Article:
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Wooden pull-out bleachers line both sides of The Dick Katte Athletic Center, built in 1959-60, Monday, November 07, 2011, at Denver Christian High School. The gym that is name after the school's head varsity basketball coach, who has been on the job for 4

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A Black teenage student in Tennessee is facing multiple criminal charges following an incident at his school that was caught on video and shows police officers responding to what generally amounted to a minor disciplinary issue.

The altercation at East Ridge High School resulted in a viral video that showed a school resource officer pulling the teen by his hair and backpack, forcing him onto school gymnasium bleachers and pepper spraying him directly in the face multiple times.

MORE: A Reminder Why Police In Schools Aren’t The Answer To Students’ Safety

According to Local 3 News, the student in the video has been identified as 18-year-old Tauris Sledge, who has been charged with disorderly conduct, resisting arrest or obstruction of legal process and assault after the incident on Tuesday.

Here’s how it all started.

From Local 3 News:

According to the affidavit, SRO Tyler McRae and other school officials were called to the school gymnasium by the gym coach to assist with an “issue” he was having with Sledge Tuesday morning, eventually leading to Sledge being forced to the ground and pepper sprayed before being arrested. 

The report said Tauris Sledge had told the gym coach he wasn’t feeling well and refused to participate in kickball for class, but later played basketball during free time. When the coach confronted Sledge about being apparently well enough to play basketball, he reportedly became aggressive and loud, calling the coach racist and other names.

While speaking with the student, Officer McRae reportedly moved to put his hand on his shoulder to pull him to the side when Sledge “bladed off” and warned McRae to remove his hand. 

Sledge then reportedly “stepped up” to McRae before returning to the bleachers and putting his backpack on, ignoring commands from McRae to return. 

So, let’s start with the fact that a school staffer felt the need to call the cops on a Black student because he didn’t want to play kickball and didn’t want to hear what the gym coach had to say about it. This is about as garden-variety as teen student misbehavior gets. It could have ended in detention, suspension or even expulsion if administrators really thought it was that serious. Instead, they called for law enforcement to arrest this high school teenager for doing regular-degular high school teenager stuff.

Of course, McRae’s attorney, Jerry Tidwell, had a different take, which basically draws from the Book of Caucasian Proverbs: “But, what about what happened before the video?”

“There are people making threats against my client on social media,” Tidwell said in a statement. “The 15-second video being shown on social media is only a fraction of the event that is captured on my client’s body camera which has over one hour of video of this event. I ask those in the public threatening my client and his family to allow this matter to be investigated and cease making statements that scare some and inflame others without knowing the whole story.”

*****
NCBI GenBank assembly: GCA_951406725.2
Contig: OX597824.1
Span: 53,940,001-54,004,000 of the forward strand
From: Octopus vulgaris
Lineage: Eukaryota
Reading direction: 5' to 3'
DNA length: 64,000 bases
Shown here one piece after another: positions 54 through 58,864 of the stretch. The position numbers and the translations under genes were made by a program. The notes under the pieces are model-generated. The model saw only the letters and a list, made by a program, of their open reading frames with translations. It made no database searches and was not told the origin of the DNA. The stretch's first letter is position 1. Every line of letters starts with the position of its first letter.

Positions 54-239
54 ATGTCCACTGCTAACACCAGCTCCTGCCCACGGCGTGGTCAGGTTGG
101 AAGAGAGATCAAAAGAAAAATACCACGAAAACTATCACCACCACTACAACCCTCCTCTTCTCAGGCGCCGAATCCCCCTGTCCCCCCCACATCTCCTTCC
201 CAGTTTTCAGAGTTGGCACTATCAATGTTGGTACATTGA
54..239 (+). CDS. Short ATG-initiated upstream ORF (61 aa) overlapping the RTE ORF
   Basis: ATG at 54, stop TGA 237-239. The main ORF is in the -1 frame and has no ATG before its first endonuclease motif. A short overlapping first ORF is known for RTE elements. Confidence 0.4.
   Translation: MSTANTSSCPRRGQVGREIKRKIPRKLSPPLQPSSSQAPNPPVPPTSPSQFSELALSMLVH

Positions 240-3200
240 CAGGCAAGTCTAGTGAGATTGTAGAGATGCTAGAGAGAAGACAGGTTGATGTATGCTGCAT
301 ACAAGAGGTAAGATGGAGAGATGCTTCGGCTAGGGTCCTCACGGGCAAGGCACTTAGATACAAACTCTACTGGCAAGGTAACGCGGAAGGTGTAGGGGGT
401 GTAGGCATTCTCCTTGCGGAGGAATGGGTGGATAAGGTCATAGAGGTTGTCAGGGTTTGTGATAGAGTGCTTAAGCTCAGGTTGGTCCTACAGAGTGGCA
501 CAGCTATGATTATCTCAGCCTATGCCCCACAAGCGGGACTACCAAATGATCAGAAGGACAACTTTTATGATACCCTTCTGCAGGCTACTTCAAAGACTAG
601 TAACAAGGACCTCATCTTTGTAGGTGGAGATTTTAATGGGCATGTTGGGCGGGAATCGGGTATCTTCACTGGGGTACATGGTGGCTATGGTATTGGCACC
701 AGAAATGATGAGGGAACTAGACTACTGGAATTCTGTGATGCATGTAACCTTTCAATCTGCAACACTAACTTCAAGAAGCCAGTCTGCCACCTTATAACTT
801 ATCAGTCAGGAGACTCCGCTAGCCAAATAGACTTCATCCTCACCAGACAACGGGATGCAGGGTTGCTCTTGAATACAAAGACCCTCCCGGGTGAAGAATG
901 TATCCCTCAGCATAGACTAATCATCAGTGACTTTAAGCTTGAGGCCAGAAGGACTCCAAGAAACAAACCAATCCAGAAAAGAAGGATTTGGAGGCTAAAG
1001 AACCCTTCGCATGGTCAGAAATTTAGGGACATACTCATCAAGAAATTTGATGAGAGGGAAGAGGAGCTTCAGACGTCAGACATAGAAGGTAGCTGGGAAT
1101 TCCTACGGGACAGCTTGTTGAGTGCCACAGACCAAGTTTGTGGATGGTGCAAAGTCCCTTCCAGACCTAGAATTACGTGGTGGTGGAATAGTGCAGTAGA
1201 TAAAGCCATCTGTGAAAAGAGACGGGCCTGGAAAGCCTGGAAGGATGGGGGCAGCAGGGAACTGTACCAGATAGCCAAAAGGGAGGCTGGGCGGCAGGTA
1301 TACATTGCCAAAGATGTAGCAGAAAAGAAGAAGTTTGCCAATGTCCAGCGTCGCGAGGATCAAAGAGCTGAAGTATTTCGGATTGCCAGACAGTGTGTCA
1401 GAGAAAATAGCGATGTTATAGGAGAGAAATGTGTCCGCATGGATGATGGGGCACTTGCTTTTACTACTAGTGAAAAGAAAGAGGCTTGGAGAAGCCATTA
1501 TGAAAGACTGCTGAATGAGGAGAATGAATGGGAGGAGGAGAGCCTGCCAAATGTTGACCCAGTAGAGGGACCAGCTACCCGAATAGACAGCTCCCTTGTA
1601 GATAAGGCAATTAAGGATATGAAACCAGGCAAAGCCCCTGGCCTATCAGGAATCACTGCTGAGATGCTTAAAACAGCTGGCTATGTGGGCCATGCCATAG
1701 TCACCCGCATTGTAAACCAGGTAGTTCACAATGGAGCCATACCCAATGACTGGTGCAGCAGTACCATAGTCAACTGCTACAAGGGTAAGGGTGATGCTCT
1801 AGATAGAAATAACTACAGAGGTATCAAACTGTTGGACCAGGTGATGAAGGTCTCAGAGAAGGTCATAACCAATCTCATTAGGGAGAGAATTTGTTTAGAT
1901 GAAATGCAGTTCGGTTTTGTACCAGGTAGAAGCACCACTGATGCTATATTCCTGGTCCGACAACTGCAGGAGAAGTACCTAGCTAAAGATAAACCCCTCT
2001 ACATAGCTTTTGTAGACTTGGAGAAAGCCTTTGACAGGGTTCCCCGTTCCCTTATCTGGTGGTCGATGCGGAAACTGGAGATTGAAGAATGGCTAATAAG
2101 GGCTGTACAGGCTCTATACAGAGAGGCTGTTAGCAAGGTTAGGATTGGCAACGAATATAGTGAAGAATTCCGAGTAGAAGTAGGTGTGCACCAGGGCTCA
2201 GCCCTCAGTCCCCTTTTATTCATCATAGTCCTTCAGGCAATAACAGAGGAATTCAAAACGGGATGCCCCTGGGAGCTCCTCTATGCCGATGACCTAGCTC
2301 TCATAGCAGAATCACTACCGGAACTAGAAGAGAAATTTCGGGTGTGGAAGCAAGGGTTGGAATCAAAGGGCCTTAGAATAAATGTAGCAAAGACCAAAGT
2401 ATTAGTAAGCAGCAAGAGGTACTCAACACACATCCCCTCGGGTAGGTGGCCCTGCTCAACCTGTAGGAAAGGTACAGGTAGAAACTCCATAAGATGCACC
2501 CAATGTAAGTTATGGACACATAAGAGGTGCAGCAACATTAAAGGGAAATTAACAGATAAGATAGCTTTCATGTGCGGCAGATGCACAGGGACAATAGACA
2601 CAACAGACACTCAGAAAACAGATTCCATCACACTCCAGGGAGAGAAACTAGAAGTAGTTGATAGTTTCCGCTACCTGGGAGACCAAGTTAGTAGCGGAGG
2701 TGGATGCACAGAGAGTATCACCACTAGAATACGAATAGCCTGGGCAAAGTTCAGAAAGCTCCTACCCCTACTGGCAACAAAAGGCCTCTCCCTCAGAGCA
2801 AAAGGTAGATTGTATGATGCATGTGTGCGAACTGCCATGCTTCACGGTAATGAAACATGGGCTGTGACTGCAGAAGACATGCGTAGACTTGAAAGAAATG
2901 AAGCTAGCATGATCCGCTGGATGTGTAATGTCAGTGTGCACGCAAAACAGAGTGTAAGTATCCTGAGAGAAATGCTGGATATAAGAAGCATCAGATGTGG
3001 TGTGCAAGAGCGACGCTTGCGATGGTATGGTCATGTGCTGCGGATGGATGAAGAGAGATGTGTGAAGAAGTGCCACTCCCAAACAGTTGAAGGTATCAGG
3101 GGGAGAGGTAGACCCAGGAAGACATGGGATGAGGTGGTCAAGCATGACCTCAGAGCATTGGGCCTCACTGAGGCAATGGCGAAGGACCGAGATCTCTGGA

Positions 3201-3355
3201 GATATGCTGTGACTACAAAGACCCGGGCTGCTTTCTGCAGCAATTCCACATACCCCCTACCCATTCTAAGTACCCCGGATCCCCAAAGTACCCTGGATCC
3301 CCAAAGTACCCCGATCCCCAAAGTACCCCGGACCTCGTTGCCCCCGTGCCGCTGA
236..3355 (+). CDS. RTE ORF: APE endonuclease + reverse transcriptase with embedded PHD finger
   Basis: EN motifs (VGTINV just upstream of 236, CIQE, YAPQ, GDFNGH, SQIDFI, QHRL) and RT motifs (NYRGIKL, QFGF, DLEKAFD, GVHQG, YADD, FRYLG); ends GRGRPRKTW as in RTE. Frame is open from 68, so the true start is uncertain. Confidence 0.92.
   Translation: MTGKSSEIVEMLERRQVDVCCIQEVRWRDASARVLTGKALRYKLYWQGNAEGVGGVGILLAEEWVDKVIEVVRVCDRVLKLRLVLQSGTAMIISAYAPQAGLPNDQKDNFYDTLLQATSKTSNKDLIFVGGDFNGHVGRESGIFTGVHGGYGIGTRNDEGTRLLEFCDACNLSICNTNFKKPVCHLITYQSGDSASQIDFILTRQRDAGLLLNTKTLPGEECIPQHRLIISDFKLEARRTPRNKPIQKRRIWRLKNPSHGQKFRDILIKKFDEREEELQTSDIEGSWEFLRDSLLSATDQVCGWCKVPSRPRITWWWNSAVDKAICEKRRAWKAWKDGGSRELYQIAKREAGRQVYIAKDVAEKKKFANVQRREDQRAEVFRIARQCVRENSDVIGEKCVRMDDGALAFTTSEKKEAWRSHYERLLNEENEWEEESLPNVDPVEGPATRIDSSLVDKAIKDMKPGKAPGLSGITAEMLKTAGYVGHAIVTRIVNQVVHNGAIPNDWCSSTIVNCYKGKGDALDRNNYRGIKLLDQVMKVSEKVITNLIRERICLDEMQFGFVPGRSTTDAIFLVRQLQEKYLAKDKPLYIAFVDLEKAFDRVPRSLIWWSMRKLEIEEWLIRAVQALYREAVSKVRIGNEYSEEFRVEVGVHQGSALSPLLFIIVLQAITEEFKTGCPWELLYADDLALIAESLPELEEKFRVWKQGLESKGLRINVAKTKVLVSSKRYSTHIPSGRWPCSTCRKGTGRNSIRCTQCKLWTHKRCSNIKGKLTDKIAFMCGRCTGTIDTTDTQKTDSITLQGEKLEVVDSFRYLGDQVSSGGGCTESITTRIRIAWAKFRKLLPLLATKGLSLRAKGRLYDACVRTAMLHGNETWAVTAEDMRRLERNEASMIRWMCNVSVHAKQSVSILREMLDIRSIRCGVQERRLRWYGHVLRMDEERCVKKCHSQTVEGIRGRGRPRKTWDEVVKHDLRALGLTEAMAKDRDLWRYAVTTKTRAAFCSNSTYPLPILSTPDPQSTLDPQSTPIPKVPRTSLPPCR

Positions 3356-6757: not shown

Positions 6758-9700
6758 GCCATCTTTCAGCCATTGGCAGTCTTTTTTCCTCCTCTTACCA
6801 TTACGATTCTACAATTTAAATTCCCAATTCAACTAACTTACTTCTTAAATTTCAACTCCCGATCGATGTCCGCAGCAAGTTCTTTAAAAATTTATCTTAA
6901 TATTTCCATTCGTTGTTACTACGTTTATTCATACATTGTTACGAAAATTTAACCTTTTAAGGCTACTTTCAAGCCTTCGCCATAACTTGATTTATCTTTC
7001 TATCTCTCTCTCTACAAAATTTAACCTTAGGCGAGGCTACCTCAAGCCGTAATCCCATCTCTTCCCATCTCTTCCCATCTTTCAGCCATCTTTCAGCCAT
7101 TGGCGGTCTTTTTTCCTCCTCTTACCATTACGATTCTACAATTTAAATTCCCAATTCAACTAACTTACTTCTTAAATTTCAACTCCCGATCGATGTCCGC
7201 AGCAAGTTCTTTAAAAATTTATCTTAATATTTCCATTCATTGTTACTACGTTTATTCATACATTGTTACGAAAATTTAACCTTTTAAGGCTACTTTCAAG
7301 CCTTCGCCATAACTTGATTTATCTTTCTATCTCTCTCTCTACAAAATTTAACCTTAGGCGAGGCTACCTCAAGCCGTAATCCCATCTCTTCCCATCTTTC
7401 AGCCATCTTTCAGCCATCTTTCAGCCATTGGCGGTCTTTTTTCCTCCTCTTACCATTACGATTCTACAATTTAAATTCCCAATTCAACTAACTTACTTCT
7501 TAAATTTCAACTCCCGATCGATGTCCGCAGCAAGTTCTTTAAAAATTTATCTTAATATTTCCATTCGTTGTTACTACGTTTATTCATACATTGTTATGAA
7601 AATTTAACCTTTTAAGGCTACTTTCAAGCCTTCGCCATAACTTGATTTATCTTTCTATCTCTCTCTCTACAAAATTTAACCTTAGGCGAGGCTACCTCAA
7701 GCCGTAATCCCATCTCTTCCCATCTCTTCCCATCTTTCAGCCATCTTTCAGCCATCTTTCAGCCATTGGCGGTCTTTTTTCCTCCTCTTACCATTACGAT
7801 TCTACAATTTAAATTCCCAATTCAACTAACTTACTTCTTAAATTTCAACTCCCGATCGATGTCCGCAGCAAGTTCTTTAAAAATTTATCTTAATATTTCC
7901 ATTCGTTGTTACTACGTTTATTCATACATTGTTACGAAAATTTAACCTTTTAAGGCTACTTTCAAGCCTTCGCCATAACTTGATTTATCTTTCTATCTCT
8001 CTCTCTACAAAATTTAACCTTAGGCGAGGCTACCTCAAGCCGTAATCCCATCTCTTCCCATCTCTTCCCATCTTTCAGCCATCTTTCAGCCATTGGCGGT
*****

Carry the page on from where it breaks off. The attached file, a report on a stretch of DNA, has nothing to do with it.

So, in my opinion, nothing that happened before what’s shown in the viral video clip justifies McRae’s use of force or even an arrest in the first place. But you’re welcome to judge for yourself by viewing the full video.

It’s also worth mentioning that this isn’t McRae’s first police misconduct allegation rodeo. He was also involved in a 2019 incident in which he and another sheriff’s deputy pulled a car full of teenagers over for the window tint, claimed they smelled marijuana and searched the car and the teens. Most of those teens were girls who requested a female officer because they were uncomfortable having their bodies handled by men. McRae wrote in a Facebook post that they were not obligated to call for a female officer.

From ABC 9:

An attorney for several Hamilton County teenagers who claim they were illegally pulled over and strip-searched by two Hamilton County deputies, says one of the deputies is speaking out about the case on social media.

Robin Flores represents one of the 14-year-old girls who says she was involved in the stop. In federal court paperwork filed on December 1st, Flores claims that Tyler McRae commented about the traffic stop on WTVC’s Nov. 6 Facebook post, saying that the female’s story “is not true and that has already been proven.” In the court paperwork, Flores says McRae made these comments from “sheer foolhardiness or from knowledge that he won’t be prosecuted…”

Some cops are just not emotionally equipped to police youthful alleged offenders. They just don’t have the empathy or patience for it. And when the teen is Black it only seems to exacerbate that lack of basic humanity.

Hamilton County Schools said in a statement regarding the gym incident that the “safety of students and staff is the highest priority for Hamilton County Schools,” and that the school aims to “ensure a safe learning environment where all students feel accepted and welcomed.” But I’m just not sure how true that is when cops are being called to aggressively arrest students for the most basic of school disciplinary issues. I just can’t see it.

SEE ALSO:

OP-ED: School Safety Requires Deep Investment Not More Police

OP-ED: Police-Free Schools Are Critical To Reproductive Freedom

The post Tennessee Cops Charge Black Student In Brutal School Arrest Video Over A Game Of Kickball appeared first on NewsOne.

Tennessee Cops Charge Black Student In Brutal School Arrest Video Over A Game Of Kickball  was originally published on newsone.com